11-05-2014, 04:59 PM
#1
  • Shaun
  • Senior Member
  • St Peters, NSW, Australia
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Chaps

I am currently visiting Western Australia where I acquired this wonderful vintage (?) horse hair brush. I think it was unused, but I gave it a clean and it looks great. It is stamped "Democrat" and under that "Set in Rubber".

It has an interesting flat top, probably as a result of the flatness at the bottom of the lofthole (did I just invent a new word?) The twine, as I understand it, was to provide grip (and yes, it does). The top of the handle has a nicely rounded ridge. The closer I look, the more I appreciate how it was made. Simple but efficient and beautiful.

This brush has a wonderful ergonomics. The bristles are long enough to provide a decent lathering without being too outrageously scrubby. The bristles are very coarse and thick indeed; not sure if they are sourced from mane or tail.

I paid the equivalent of $5 US. I think it's a beautiful object. What do you think?

I have no idea of the date, but I am thinking 1930-ish? If you do know, please advise Smile

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 11-06-2014, 08:13 AM
#2
  • refles
  • Senior Member
  • New York
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I really like it, it cleans up incredibly well. Love that style of handle as it really (to me at least) makes it look old with the twine wrapping. The handle looks like wood, a really amazing vintage piece.
So it sounds like your going to use it, if so let us know how it goes.


congratulations on a great find!

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 11-06-2014, 08:51 AM
#3
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Lovely brush, Shaun! You always seem to find such unique brushes! Biggrin

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 11-06-2014, 03:56 PM
#4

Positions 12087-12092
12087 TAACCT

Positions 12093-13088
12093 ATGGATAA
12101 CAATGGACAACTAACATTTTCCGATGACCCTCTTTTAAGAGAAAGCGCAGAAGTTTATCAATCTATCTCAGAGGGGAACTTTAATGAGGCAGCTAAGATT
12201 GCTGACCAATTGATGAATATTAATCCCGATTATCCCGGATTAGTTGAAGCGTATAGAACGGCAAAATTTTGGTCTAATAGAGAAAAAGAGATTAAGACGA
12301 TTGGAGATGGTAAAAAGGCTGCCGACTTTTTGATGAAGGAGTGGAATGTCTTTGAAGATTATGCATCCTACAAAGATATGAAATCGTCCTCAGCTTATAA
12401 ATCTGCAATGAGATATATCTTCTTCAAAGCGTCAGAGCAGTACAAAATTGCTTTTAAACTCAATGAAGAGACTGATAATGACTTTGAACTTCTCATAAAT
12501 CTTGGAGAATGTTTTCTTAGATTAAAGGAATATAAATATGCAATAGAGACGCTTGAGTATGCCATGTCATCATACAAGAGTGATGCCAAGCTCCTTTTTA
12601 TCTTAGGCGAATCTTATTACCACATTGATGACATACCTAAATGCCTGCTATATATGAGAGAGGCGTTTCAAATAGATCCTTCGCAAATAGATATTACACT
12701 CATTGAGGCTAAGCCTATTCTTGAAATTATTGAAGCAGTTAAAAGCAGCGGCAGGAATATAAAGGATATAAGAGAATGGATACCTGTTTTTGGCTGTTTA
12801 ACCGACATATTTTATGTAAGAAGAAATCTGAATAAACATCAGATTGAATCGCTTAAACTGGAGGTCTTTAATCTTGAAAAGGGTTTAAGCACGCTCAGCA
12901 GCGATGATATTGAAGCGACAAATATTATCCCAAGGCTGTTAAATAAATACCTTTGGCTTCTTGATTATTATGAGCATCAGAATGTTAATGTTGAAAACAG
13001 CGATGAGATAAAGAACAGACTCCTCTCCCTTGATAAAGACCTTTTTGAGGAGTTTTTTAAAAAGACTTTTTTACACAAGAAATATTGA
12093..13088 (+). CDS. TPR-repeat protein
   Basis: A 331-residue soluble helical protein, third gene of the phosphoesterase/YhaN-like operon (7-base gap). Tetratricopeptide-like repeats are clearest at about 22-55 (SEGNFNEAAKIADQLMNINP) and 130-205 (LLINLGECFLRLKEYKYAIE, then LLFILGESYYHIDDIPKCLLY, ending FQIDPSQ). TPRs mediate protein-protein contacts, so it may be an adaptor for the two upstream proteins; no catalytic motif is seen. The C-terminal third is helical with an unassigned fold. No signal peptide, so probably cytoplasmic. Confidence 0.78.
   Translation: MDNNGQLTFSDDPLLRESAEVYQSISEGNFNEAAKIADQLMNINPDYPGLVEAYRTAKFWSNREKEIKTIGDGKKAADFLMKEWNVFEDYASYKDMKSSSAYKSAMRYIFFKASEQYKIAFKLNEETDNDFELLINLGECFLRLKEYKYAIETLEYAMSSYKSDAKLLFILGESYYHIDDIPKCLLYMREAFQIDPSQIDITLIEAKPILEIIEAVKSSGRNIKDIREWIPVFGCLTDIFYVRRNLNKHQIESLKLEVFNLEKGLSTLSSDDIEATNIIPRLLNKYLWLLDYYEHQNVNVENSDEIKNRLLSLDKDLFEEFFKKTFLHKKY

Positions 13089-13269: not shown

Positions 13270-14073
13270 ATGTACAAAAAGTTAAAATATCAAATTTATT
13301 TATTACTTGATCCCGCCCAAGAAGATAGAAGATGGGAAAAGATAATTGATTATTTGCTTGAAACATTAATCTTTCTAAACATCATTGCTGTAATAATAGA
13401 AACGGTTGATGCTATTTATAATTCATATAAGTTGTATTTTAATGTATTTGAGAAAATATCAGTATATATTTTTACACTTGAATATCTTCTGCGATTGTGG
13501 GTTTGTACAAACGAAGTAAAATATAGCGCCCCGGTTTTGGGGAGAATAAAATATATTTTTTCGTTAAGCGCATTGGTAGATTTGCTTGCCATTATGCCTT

• Shaun
  • Senior Member
  • St Peters, NSW, Australia
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(11-06-2014, 08:13 AM)refles Wrote: I really like it, it cleans up incredibly well. Love that style of handle as it really (to me at least) makes it look old with the twine wrapping. The handle looks like wood, a really amazing vintage piece.
So it sounds like your going to use it, if so let us know how it goes.


congratulations on a great find!

Oh yes it's genuinely vintage, and the handle is indeed wood. I just can't find a date. I have been researching. I have seen a couple of very old and cracked, similar brushes from the 1930s. but this one seems to have survived well up into the present. Not sure if I will use it. I might. It just looks so beautiful as an object; a little sculpture.

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 11-07-2014, 03:23 AM
#5
  • Johnny
  • MODERATOR EMERITUS
  • Wausau, Wisconsin, USA
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If it is that old the wood is probably pretty dry as should be the twine. Not sure I would use it in fear of expansion and cracking. It is a really neat looking little brush and if it were mine I would just have it part of my shaving display.

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 11-07-2014, 06:20 AM
#6
  • Shaun
  • Senior Member
  • St Peters, NSW, Australia
User Info
(11-07-2014, 03:23 AM)Johnny Wrote: If it is that old the wood is probably pretty dry as should be the twine. Not sure I would use it in fear of expansion and cracking. It is a really neat looking little brush and if it were mine I would just have it part of my shaving display.

Probably right, and I would likely not use it, but I can't date this brush. I just like how it looks Smile

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